The second goal was a sucker punch, a counter attack. One could try to blame Alex Oxlade-Chamberlain for not tracking back wide enough, but I think that would be unfair. Counter attacks are by nature dangerous. The best of teams concede from them.

    One could say that Fabianski should have parried the ball into touch. Well and good, and in fact, goalkeepers are trained to do so, but remember, these are reactions. Goalkeepers don't have time to think about what to do. They just do it. 

    Darren Bent was fortunate to latch on to the rebound. Credit to him for scoring at an acute angle. Misery to the Gunners and Gooners. Arsene Wenger looked crestfallen at the end of the half.

    I do not think the boos at the end of the half were warranted. Two goals down at the end of the half wasn't down to a woeful display by the Gunners. They were a tad unlucky I'd say.

    Yes, they were a little bit tentative on the ball in the first half. You'd be if you've lost three matches at a stretch.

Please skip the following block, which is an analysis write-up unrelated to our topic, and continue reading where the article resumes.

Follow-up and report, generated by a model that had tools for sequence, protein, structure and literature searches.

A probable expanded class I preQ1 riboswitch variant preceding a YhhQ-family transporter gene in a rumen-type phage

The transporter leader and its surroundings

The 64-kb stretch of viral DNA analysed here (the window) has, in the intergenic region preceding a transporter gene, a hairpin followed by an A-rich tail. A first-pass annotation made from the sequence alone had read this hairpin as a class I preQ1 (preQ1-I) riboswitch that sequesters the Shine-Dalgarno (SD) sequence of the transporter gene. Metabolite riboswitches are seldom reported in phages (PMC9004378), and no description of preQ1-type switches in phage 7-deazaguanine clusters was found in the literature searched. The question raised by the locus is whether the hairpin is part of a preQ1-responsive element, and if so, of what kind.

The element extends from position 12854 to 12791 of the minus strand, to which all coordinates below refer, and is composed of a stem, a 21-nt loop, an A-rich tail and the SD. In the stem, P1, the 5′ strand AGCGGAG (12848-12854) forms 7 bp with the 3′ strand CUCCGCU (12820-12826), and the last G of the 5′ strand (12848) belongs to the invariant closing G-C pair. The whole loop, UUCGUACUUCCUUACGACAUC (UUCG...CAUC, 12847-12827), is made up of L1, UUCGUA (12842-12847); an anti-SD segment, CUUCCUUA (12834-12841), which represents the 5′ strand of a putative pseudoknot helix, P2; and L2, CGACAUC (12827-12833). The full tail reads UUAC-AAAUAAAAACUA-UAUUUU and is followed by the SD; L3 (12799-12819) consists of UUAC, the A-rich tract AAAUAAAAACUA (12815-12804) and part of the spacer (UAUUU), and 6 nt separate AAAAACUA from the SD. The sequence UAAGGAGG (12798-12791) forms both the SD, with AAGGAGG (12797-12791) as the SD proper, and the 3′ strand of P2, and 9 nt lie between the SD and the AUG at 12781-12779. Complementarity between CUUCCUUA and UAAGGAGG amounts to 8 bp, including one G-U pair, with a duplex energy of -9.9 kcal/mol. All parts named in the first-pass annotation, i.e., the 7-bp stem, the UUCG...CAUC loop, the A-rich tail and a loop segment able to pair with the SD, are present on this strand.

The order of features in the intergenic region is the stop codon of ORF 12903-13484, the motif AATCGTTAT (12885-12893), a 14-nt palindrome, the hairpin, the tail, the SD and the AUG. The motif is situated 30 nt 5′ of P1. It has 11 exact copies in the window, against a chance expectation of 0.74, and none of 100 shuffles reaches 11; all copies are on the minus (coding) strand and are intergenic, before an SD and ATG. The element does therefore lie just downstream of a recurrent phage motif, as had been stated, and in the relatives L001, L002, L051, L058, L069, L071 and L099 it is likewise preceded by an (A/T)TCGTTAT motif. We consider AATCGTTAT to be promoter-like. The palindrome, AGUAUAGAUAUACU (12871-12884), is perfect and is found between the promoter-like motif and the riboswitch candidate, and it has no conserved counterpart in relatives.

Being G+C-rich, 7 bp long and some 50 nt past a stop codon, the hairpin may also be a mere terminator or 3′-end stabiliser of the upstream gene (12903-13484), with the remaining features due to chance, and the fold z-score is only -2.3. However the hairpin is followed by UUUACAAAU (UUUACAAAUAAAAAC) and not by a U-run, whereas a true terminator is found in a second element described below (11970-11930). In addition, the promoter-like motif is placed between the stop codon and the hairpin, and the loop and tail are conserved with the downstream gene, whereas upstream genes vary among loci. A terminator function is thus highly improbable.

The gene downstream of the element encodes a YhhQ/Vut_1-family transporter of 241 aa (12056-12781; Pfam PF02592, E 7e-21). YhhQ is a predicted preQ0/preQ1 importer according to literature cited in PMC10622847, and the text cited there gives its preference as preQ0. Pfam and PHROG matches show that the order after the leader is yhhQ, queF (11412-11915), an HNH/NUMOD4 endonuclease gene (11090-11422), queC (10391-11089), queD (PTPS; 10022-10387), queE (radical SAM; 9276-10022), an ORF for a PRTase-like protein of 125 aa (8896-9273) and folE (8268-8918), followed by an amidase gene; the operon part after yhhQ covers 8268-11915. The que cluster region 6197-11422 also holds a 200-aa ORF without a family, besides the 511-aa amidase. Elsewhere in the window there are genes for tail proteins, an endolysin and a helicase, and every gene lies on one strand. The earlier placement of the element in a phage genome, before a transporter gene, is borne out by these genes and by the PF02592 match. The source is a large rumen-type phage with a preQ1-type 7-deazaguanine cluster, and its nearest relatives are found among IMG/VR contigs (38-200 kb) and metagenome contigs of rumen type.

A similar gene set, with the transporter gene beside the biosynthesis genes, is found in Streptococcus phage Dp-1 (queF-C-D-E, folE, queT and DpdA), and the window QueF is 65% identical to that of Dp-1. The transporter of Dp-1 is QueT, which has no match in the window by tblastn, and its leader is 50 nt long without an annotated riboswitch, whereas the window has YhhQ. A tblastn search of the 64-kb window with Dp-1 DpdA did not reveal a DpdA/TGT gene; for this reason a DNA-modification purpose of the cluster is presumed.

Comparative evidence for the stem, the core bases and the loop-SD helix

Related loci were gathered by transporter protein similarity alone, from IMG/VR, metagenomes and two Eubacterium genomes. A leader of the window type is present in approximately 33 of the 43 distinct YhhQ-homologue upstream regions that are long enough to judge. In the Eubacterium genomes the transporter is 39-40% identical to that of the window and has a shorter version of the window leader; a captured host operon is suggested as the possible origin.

All in all they kept possession well, even if rather tame. Perhaps they could have converted one of their corners into a goal, corners, however, tend to favor the defending team 90 or 95 percent of the time.

    Arsenal were a bit unlucky in this half; Aston Villa rather fortunate.

Robin Van Persie Deserved the Budweiser Man-of-the-Match

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    Scoring two goals from the penalty spot within a short interval isn't a mean feat.

    There's a gamble.

    Do I go to the next corner or not? If you do, the goalkeeper could go that way, having missed the trick the first time.

    If you decide not to, the goalkeeper could gamble that you'd change directions and dive the right way. You, the taker of the penalty, as much as the goalkeeper are rather in a quandary of sorts.

    So what do you do?

    You fire toward the middle, rather high, and the ball is in the back of the net. Your team is winning. The crowd is wild, part of which just booed you. That's a tale out of fantasy, only it's real.

    Robin Van Persie should be commended for keeping his nerves in a challenging situation to twice beat one of the best goalkeepers in the Premier League under the same circumstance.

    Credit to the entire team for running at the Villa defense to force the errors that led to the penalties.